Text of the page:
So there is a gap here in Scotland. Because, other than through personal, and often informal, contacts, there is no system to allow us to alert colleagues that a rare book or rare book collection is in the marketplace, or being offered for donation or deposit. In terms of disposal, the Scottish Books Exchange (SBE), overseen by Inter Lending Services here at the National Library, and soon to go electronic with its sharing of lists of books that libraries wish to dispose of, tends to contain modern books that are low in rarity and value. And for that reason, the SBE falls outside our concerns today.
Moreover, there is a lack of information, and indeed a lack of clarity, about what the National Library of Scotland, and the Rare Books team in particular, can offer in terms of support, advice and practical assistance in the area of collection development. Are we the library of last resort in this case? Or, to put it another way, a safety net to guarantee the acquisition of important items or collections? I hope that I can go some way to answering all of these questions, but first let's look at a few examples of collaborative collection development that have worked.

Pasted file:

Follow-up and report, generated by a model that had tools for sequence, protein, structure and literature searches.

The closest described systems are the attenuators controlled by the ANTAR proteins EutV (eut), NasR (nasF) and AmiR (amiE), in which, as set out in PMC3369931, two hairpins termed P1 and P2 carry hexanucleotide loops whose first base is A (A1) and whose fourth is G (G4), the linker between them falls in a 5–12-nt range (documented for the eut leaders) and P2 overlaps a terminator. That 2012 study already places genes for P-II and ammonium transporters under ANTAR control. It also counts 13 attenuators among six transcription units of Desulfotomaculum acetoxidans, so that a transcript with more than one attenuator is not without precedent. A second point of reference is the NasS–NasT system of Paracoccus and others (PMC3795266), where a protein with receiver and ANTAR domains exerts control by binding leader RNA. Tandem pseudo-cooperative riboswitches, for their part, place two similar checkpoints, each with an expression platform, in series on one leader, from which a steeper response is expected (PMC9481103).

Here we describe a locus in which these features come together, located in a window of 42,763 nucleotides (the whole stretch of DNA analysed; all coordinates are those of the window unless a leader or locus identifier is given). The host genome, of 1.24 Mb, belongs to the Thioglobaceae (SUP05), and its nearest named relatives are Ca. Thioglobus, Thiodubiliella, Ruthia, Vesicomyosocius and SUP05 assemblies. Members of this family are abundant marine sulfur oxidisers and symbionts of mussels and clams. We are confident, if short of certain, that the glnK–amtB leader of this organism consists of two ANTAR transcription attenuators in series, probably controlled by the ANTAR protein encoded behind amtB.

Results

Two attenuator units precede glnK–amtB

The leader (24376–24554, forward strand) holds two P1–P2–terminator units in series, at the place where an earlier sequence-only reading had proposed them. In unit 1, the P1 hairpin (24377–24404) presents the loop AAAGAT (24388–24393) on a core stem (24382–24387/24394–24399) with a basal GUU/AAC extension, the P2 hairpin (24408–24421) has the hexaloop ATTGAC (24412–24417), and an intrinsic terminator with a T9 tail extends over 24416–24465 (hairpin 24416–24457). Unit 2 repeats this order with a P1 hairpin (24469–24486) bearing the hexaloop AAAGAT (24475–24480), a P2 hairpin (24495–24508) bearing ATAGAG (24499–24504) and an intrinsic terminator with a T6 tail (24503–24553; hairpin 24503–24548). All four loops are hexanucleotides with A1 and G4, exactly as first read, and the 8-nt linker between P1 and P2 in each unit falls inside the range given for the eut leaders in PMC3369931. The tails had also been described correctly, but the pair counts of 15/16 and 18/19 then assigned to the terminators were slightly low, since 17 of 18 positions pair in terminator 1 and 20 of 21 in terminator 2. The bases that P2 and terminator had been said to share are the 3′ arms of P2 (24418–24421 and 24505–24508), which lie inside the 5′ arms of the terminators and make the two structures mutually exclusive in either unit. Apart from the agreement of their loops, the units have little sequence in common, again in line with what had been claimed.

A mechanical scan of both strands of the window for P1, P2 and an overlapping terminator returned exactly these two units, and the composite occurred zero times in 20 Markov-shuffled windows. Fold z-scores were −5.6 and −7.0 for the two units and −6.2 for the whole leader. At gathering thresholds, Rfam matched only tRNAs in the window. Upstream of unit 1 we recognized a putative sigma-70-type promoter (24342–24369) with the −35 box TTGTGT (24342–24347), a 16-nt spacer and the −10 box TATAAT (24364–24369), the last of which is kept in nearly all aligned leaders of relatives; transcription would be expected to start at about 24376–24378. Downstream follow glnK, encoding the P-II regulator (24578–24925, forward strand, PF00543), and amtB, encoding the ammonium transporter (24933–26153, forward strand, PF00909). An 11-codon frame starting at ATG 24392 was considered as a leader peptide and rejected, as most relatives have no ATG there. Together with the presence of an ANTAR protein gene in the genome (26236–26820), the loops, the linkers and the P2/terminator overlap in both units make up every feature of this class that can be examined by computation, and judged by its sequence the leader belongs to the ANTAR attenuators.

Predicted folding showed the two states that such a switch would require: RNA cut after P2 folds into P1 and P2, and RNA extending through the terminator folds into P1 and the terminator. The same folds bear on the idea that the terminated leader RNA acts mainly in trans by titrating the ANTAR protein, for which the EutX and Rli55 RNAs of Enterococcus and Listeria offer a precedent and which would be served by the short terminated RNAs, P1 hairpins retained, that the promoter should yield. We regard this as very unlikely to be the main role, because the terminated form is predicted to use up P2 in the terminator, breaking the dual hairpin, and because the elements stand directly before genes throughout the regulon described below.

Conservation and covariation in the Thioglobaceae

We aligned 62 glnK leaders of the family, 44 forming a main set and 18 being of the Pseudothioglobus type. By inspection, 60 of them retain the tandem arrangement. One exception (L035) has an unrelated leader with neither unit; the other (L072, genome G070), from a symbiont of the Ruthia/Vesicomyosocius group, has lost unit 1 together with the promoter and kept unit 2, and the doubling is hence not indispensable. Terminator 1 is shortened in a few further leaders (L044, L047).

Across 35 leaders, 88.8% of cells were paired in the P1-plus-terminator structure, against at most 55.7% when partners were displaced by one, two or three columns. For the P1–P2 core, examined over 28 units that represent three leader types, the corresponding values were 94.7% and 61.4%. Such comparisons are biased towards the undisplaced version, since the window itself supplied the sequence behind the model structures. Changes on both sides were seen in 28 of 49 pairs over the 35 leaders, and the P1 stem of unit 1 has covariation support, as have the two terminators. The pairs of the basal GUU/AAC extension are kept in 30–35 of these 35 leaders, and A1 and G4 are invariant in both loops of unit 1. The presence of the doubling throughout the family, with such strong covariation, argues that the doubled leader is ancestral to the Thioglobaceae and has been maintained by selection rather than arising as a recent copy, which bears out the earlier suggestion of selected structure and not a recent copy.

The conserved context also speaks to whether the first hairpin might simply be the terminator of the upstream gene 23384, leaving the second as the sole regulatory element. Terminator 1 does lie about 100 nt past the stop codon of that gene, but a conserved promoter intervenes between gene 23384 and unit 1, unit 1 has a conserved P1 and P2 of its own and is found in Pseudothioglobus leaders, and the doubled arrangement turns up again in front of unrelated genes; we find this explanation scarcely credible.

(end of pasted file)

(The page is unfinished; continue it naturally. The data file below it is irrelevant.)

[SLIDE 8: Class Thesis Printed on Silk]
This is an unrecorded philosophical class thesis by the students
of Marischal College, Aberdeen. It was printed on silk in that city
probably in  and its survival reinforces Aberdeen's status as
a pioneer of this form of printing. We found out on the morning of
the sale that it was in a country house auction in the South of
England, one of the Lloyd's Names Sales, as they were known
unofficially, together with furniture, paintings and carpets.
Within a few hours, we consulted with Aberdeen University Library,
who we thought should have a claim to acquiring this item, but they
realised they could not raise the funds in time, and we secured the
item for Scotland by placing a direct bid with the auctioneer just
before the sale started.
NLS Shelfmark: FB.el.126
[SLIDE 9: The Edinburgh Calotype Club Album]